MISS, Man in Space Soonest, was a USAF project to put a man into a capsule and boost him into space on top of a converted ICBM. It was cancelled, resurrected, and passed on to the new organization NASA, where it became Project Mercury.

Times were tense. The Soviets had launched a satellite into orbit in 1957, beating America into space by a few months. They added to the humiliation by beating the US again in 1961, this time with a man in space. Worse than either accomplishment, was they booster that was used. It was far more powerful than anything America had in service, or in development. A booster that powerful presented all kinds of doomsday scenarios.

Eisenhower had plenty of problems at the time. He was using U-2 spy planes to illegally overfly the Soviet Union, and recognized that it was only a matter of time before that blew up in his face — which it did in 1960 when one of the U-2s was shot down while spying. MISS being transferred to NASA made it a civilian project, and less objectionable. The same logic led the Navy originated Project Vanguard to be passed on to NASA, and also to the use of underpowered rockets to launch it because they were not military hardware.

Sputnik and the Soviet manned missions were on top of a military booster, rendering that concern moot.

NASA went on to success in manned space flight, but in the fifties and early sixties, that was not a foregone conclusion. The Air Force moved on to the Dyna-soar.

Project Dyna-soar (from the phrase dynamic soaring) had begun in 1957, when it was to be the next step after MISS. It was based on the theories of Eugen Sänger, who had a suborbital bomber on the drawing board for the Germans during WWII.

The basic idea was to send a winged vehicle above the atmosphere on top of a rocket, whether in a sub-orbital flight or returning from orbital flight. That craft would skip repeatedly off the upper atmosphere on returning, dissipating the heat of reentry, and ultimately land as a glider.

This sounds a lot like the Space Shuttle, but there are two main differences. STS was designed as a single stage to orbit vehicle, and it dissipated heat by shock waves while being protected by insulated tiles, much like the Mercury through Apollo missions had used shock waves off ablative heat shields. Dyna-soar was designed to ride into orbit on top of a military rocket and to lose its heat by skipping — that is, by dipping into the atmosphere, then bouncing back into space to radiate away the heat it had built up, followed by repeat, repeat, repeat, until cool enough to finally land as a glider.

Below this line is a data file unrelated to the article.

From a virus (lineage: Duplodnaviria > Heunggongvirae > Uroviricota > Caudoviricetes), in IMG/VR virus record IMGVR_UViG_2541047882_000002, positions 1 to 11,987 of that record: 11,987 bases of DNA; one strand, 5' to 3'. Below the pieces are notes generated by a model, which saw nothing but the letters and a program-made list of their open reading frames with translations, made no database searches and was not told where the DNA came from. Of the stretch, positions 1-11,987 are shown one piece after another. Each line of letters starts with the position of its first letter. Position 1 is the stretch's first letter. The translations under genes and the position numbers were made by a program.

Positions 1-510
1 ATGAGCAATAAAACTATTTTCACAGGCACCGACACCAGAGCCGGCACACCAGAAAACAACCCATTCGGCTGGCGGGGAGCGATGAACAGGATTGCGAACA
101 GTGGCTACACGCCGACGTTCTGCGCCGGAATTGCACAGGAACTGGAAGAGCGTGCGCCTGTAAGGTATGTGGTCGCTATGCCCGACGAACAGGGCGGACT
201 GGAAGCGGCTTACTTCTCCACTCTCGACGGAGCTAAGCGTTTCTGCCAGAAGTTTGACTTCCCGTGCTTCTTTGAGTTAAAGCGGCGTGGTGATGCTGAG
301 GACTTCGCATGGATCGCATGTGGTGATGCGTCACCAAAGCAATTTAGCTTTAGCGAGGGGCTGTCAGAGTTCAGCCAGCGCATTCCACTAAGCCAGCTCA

That would make for a long, hard, bumpy ride. If you are simply thinking of reentry, it would be a unnecessarily tough way to go. To understand why the skip-glide method was so inviting, you have to project yourself back to dawn of the 1960s when rockets were small and space exploration was new. With skip-glide, a relatively small and not particularly powerful rocket could send the Dyna-soar anywhere on Earth.

When Alan Shepard made his sub-orbital flight, he traveled 116 miles above the Earth but landed only about 300 miles downrange. With that initial altitude, Dyna-soar could probably have circled the Earth before landing.

Dyna-soar was developed as a reconnaissance and bombing vehicle. It was, after all, an Air Force project.

Had it gone to completion, the Dyna-soar (also called the X-20 later in its development) would have been the most sophisticated space craft of its era. Unfortunately, money was scarce, and while in orbit, the Gemini could do anything the Dyna-soar could do.

Gemini was a monumentally successful project (see Gemini) that sucked up all of America’s attention. In December of 1963, the Dyna-soar project was cancelled.

Again, the Air Force had lost out to its civilian counterpart. It didn’t give up. The next time around, the Air Force co-opted the Gemini. That third chapter in the Air Force’s bid for space was told here last November as The Space Station That Never Was. We’ll cover the rest of the story – so far –  tomorrow.

338. The Benson Murder Case

I just read The Benson Murder Case for the second time. It was an accident. All of the Philo Vance mysteries are titled The (whatever) Murder Case, and they are mostly indistinguishable on the library shelf. I didn’t recognize Benson as one I had already read.